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Bird Song Walk

This was advertised as ‘a quiet walk to enjoy and identify the songs of common birds and summer migrants’ and to some extent the birds took us at our word! However, we did hear a some star performers without too much background ‘clutter’ from other species, and saw several other interesting things during the mile or two circular walk from Rushy Common to Hardwick.

Fourteen of us met in the Rushy Common car park at 6pm on Sunday 22 May. It was warm and still, and we hoped that the birds would be in better voice than they were when we made a recce on the Friday evening, which was cool, cloudy and breezy,

While we assembled in the car park, a cuckoo was calling from the other side of the road and a Cetti’s warbler from behind – or inside – the hedge by the lake. A rather faded painted lady flew in while we were standing there and two common terns flew overhead.

Cetti’s warbler followed by twittering robin, Rushy Common, 22 May (Sue Morton)

Setting off towards Tar Lakes, we stopped after a few hundred yards to listen to a nearby blackcap; some rather muted blackbirds were singing in the background. In the hope of hearing a whitethroat we then followed the hedge by the first of the Tar Lakes – it’s the right sort of habitat – but with no luck, although plenty more blackcaps were singing and robins twittering; a great-crested grebe on the lake obligingly ‘barked’ for us and a grey heron flew in. We heard more Cetti’s and some distant blackbirds and chiffchaffs.

The chiffchaffs were louder near the recently opened Tar Lakes fishery (which some of us used to refer to as ‘the sand martin lake’). The stretch from there down to the large Linear Fisheries lake was relatively silent except for blackcaps but we enoyed the sight of a fresh speckled wood and red admiral basking in the sunshine.

As we rounded the end of the lake, we heard several song thrushes; blue damsel flies (species not determined) were flying over the vegetation. A lot of red and black froghoppers (Cercopis vulnerata) were sitting on grass stems. A couple more Cetti’s were singing, as were blackcaps, which seemed to be everywhere.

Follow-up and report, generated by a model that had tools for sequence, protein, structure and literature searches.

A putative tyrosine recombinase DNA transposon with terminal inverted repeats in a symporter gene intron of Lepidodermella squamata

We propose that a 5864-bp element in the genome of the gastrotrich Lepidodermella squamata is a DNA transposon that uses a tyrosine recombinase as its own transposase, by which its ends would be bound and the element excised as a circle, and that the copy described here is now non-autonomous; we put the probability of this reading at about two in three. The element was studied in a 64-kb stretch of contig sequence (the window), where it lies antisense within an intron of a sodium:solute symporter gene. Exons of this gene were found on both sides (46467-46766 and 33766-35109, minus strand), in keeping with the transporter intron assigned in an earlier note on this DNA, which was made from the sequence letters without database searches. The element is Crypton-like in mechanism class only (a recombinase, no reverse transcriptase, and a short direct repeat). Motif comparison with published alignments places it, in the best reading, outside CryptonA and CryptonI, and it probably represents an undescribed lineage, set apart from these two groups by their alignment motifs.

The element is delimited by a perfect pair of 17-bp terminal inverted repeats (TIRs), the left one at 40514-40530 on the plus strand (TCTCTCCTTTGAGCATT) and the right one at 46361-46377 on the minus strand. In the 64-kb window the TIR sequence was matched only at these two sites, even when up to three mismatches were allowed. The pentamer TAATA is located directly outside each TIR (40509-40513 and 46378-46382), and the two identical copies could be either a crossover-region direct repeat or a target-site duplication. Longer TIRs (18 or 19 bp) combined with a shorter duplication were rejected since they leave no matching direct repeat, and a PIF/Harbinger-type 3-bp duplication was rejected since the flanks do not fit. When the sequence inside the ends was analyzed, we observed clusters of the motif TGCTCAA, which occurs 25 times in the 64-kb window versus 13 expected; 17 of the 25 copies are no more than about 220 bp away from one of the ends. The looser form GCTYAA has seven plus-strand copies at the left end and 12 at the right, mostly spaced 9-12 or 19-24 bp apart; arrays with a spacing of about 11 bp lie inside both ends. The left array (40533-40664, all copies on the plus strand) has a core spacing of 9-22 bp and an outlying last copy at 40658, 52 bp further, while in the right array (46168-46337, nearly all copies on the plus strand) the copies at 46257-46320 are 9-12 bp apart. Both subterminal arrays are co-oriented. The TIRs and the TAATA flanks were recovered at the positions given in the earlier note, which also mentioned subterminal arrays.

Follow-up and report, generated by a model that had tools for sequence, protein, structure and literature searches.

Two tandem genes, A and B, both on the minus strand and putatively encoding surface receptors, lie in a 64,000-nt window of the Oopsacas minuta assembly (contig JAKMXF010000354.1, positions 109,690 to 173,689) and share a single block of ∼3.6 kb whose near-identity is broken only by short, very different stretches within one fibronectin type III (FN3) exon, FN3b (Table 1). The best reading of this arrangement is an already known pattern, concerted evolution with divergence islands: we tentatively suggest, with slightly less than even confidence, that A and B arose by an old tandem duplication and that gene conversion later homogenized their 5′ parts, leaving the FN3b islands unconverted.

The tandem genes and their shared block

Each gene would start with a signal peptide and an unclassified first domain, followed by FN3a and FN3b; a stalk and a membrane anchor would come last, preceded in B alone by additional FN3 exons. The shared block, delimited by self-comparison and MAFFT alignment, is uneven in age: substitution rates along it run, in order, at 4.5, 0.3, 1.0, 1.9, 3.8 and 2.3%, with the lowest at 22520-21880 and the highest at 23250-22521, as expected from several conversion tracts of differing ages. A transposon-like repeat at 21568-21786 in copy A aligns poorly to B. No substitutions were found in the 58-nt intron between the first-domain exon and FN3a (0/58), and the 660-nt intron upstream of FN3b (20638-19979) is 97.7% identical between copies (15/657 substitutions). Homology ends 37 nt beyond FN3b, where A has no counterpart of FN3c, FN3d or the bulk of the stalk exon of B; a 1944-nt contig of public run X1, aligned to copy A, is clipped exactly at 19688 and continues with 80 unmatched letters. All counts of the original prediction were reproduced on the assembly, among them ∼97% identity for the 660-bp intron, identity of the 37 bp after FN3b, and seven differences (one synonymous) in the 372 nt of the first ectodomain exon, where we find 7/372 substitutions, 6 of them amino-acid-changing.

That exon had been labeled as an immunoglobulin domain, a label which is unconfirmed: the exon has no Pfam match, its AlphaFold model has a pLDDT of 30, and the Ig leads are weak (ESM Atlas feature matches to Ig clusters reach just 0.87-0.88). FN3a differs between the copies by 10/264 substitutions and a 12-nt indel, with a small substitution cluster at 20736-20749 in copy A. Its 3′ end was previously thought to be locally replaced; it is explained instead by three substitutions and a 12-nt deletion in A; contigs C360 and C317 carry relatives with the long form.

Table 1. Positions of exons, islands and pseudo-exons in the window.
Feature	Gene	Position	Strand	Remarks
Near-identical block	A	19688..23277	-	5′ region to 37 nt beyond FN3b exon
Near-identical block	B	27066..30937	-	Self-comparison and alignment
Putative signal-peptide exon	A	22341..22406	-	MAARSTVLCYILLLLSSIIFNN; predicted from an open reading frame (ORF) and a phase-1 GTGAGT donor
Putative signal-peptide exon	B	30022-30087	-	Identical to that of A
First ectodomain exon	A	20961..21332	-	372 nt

Some of the group took a shortcut from Hardwick Lake back to the car park; the rest of us carried on to the bridge at Hardwick and then followed the Windrush upstream. Birdlife along there seemed non-existent but there were mayflies (probably Ephemera danica) everywhere – there must have been a recent hatch – and a good number of banded demoiselles (Agrion splendens) – which really are rather beautiful – by the river. The demoiselles appeared to be roosting collectively: in one place there was a group of at least thirty, probably more, roosting on the vegetation and more flew in and joined them while we watched.

In several places on the way round, we had seen spindle trees covered in the webs of spindle-ermine moth (Yponomeuta cagnagella) larvae, which had completely defoliated them. The most dramatic of these was near Gill Mill where there were balls of caterpillars suspended by threads of silk from the branches. Presumably they lower themselves to the ground like this before going off to pupate somewhere. It’s surprising that birds hadn’t taken them – they looked like rich pickings but must be distasteful. We wondered if the spindles would ever recover from such a thorough defoliation.

Our way back from the disused ford took us across a field of Friesian heifers. They didn’t pay much attention to the first of us to cross but their curiosity got the better of them as the stragglers came along and decided to investigate. One of us had a stick which, being rather thin, was no more than a psychological deterrent. In the end they probably decided that we didn’t have anything for them to eat and kept at a respectful distance. (Was that in the risk assessment? They weren’t there on the recce!)

Our curious friends….

A group of goldfinches was twittering at the top of a chestnut tree near the car park when we got back there shortly after 8pm. The Cetti was still singing loudly.

Although the birds were quieter than we’d hoped for, we heard a remarkable number of Cetti’s – at least ten, although we weren’t really counting – and all the more remarkable because Cetti’s are quite recent arrivals in this part of the UK.

Although there was less birdsong than we’d hoped for, it was an interesting walk and at least one person said that they could now certainly tell their Cetti’s from their blackcaps!

Sue Morton and John Cobb, 3 June 2022